Anthony Volpe cues Giancarlo Stanton 400th home run curtain call with veteran move

The kid has quickly become the Yankees' biggest appreciator of history.
Washington Nationals v New York Yankees
Washington Nationals v New York Yankees / Jim McIsaac/GettyImages

History is all the Yankees have left to play for in 2023, and letting their rookies marinate while watching the team's high-priced veterans attain milestones isn't an awful way to spend a September.

Want a first-hand piece of evidence that this rookie class "gets it"? Look no further than how 22-year-old Anthony Volpe -- suddenly the elder statesman in a locker room full of recent promotions -- handled Giancarlo Stanton's tiebreaking 400th home run on Tuesday evening.

With two outs and a man on base, Stanton hit a trademark laser into the bleachers above the left-center bullpen, breaking a 1-1 tie and continuing his quest to prove his worth down the stretch.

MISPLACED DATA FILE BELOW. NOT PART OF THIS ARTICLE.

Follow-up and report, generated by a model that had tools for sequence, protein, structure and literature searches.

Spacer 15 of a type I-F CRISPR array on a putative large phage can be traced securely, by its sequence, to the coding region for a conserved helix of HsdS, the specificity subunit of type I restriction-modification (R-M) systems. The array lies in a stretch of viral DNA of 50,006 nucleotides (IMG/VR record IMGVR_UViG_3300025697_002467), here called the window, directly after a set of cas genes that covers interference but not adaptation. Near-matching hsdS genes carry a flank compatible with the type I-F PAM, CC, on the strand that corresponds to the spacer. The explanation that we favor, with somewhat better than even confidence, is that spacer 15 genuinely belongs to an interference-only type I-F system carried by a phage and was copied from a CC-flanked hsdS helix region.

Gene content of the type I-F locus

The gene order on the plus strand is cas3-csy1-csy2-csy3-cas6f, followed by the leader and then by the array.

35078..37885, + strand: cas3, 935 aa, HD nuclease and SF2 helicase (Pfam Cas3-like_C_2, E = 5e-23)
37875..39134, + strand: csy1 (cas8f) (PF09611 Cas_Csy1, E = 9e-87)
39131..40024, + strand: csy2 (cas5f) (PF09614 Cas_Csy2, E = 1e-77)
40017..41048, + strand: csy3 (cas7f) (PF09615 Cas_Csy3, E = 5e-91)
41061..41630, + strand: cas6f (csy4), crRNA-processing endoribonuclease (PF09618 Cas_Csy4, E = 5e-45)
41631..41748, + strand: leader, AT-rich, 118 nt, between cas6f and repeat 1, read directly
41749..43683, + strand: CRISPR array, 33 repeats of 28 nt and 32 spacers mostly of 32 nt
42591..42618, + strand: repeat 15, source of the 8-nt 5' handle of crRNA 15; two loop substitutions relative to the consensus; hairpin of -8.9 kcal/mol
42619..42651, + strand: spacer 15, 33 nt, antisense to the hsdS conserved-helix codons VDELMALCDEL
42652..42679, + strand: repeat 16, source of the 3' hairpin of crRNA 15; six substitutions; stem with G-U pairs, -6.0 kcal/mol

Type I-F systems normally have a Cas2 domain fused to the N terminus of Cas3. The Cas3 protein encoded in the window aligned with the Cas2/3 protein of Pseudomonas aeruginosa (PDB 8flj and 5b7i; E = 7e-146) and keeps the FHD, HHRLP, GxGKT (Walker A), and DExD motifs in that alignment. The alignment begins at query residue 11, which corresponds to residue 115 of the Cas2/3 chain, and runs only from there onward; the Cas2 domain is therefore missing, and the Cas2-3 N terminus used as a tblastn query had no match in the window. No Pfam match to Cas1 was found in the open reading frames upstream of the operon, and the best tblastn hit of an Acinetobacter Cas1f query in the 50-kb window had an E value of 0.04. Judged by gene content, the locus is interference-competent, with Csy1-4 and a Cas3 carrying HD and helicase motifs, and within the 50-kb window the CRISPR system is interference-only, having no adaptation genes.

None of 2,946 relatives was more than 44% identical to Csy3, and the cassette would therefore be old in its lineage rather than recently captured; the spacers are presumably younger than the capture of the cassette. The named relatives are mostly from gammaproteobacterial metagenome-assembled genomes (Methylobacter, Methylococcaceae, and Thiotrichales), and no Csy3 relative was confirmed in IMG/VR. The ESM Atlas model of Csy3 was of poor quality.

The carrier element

Though his reputation has taken a hit this season (a 94 OPS+ will do that to a man...), he's still just 33 years old and stuck with the Yankees for the next several seasons, for better or worse. At the very least, the man can still mash high-exit-velocity homers. Tuesday's blast was Stanton's 22nd of an abbreviated season and the 400th of his storied career.

To make sure the moment registered with a crowd full of fans who were mostly there to see Jasson Dominguez, Volpe took a timeout before coming to the plate to make sure the achievement had enough time to flash on the jumbotron. Stanton got his curtain call.

Yankees slugger Giancarlo Stanton moves closer to Hall of Fame with milestone 400th home run

Volpe's poise has been on display with consistency since the chicken parm-based line in the sand, and Tuesday was just another example of how his awareness spreads beyond the field of play.

While the youngster's legacy remains unwritten, Stanton's book appears to be closer to its conclusion than its meaty middle. Still, the power is there, and every homer the righty drills now is one he doesn't need down the line as he attempts to reach 500 career moonshots.

If he stays healthy (the largest "if" in the world), it's really not too far out of reach. Until the steroid era, that number was an automatic signifier of a path to Cooperstown. Add Stanton's MVP and his half-career in the spotlight at Yankee Stadium (and, of course, his one-of-a-kind skill set), and there's a chance he could earn enshrinement if the numbers add up.

Credit to Volpe for making sure this stop along the way wasn't forgotten.